All my life I’ve had the uncomfortable feeling that I never really knew what was going on.
Instead of dissipating, (which I hoped/ expected to be the case), the further I progress along the mortal coil, the more this observation holds. In fact there’s a recognition of such massive complexities around me that any given situation seems so far beyond comprehension or opinion as to be almost out the other side.
The enormities of my un-knowing have reached so far that I stopped watching the news several years ago. Now it seems radio too is so steeped in judgement that all I pick up is the judgement itself, and not the content. So again, I reach for the ‘off’ button.
Conversation on current affairs sees me backing into corners. Asked for an opinion, all I can offer is ‘it’s more complicated than that’. Because I know it is. There are truths, more truths, individual and collective truths. And all the feeding and steering in between, that we participate in and strengthen with each opinion voiced.
I’m conscious that this could sound like an anti-propaganda rant; an anti-them, us-against-the-state stream of bitterness. But it’s not that.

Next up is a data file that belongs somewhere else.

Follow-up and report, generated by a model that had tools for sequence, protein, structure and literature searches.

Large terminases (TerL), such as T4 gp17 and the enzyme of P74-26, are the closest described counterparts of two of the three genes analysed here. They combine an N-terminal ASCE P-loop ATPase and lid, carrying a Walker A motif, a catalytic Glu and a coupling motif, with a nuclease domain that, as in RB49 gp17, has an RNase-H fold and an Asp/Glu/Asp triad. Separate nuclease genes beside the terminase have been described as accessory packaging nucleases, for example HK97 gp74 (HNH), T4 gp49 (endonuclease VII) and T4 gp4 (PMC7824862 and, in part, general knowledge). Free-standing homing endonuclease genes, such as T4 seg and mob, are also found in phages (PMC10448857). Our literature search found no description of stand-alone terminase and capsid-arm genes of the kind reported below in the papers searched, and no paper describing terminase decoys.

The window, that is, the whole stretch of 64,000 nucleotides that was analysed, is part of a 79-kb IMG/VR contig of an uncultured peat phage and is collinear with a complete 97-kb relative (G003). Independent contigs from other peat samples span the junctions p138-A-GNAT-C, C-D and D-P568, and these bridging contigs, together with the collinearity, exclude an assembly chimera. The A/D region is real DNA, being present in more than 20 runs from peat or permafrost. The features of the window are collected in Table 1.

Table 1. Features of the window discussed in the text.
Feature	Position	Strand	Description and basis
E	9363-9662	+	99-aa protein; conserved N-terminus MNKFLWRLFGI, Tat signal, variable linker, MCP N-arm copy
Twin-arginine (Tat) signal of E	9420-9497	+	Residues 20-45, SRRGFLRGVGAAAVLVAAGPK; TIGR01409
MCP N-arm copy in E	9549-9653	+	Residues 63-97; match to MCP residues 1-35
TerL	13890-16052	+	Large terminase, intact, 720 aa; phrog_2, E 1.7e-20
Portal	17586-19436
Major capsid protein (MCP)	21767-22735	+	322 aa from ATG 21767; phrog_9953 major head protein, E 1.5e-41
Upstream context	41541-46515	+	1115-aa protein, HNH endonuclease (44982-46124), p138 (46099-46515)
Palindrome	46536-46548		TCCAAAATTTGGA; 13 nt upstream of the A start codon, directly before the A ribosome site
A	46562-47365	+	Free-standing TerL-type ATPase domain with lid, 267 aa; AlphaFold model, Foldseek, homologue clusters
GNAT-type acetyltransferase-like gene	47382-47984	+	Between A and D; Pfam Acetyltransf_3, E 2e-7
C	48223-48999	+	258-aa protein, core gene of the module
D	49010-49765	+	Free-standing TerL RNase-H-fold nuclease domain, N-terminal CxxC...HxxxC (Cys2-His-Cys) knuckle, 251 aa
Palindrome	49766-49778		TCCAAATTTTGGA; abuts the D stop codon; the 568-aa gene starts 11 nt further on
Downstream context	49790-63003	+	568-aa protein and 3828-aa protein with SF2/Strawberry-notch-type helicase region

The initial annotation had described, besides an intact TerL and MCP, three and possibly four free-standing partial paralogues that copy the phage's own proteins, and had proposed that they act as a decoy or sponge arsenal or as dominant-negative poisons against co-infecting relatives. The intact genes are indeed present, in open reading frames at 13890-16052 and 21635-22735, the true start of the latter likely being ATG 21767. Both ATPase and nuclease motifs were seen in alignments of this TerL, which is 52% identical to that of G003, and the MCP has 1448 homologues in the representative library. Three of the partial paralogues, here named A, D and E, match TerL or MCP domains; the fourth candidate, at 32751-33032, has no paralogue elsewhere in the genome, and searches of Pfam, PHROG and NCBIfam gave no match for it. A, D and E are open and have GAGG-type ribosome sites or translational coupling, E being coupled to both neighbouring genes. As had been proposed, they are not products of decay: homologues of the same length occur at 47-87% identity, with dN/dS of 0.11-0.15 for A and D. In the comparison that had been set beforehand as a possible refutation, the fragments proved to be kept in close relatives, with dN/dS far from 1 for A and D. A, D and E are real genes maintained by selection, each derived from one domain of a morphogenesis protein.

I’m looking at the judgement we seem to enjoy so greatly.
How would it look if our urgency to express an opinion, to belong in a camp of thought, to be on this side or that, wasn’t such a driving force? I’ll bet the content of articles on our news programmes would change. It seems to me that each news article exists primarily to create judgement, to generate strong feeling. And I suspect that without this driving force, the programmes might disappear altogether. I wonder.
My son is saturating himself with history. He knows so much about world war 2. More, and differently, I suspect, than those who participated in much of it. How confusing that must be to them. We talk about war crimes. We discuss judgement, and punishment. The need people have to punish for a crime committed in a different time, a different place, an altogether different set up, that we really can’t comprehend, in the here and now.
I wonder about that.
I wonder if the reason we object so strongly call so vehemently, isn’t purely the fight to have one’s opinions venerated and accepted. And if it has anything at all to do with the crime itself.
I hear there’s a Buddhist philosophy of ‘no blame’.
I like that. No blame. If we removed blame, what are we left with? A little empathy, perhaps, some compassion, an effort to understand, to deal with, to mend, learn, and grow? Is that really so scary?
I don’t know. I know less and less. But it’s worth considering.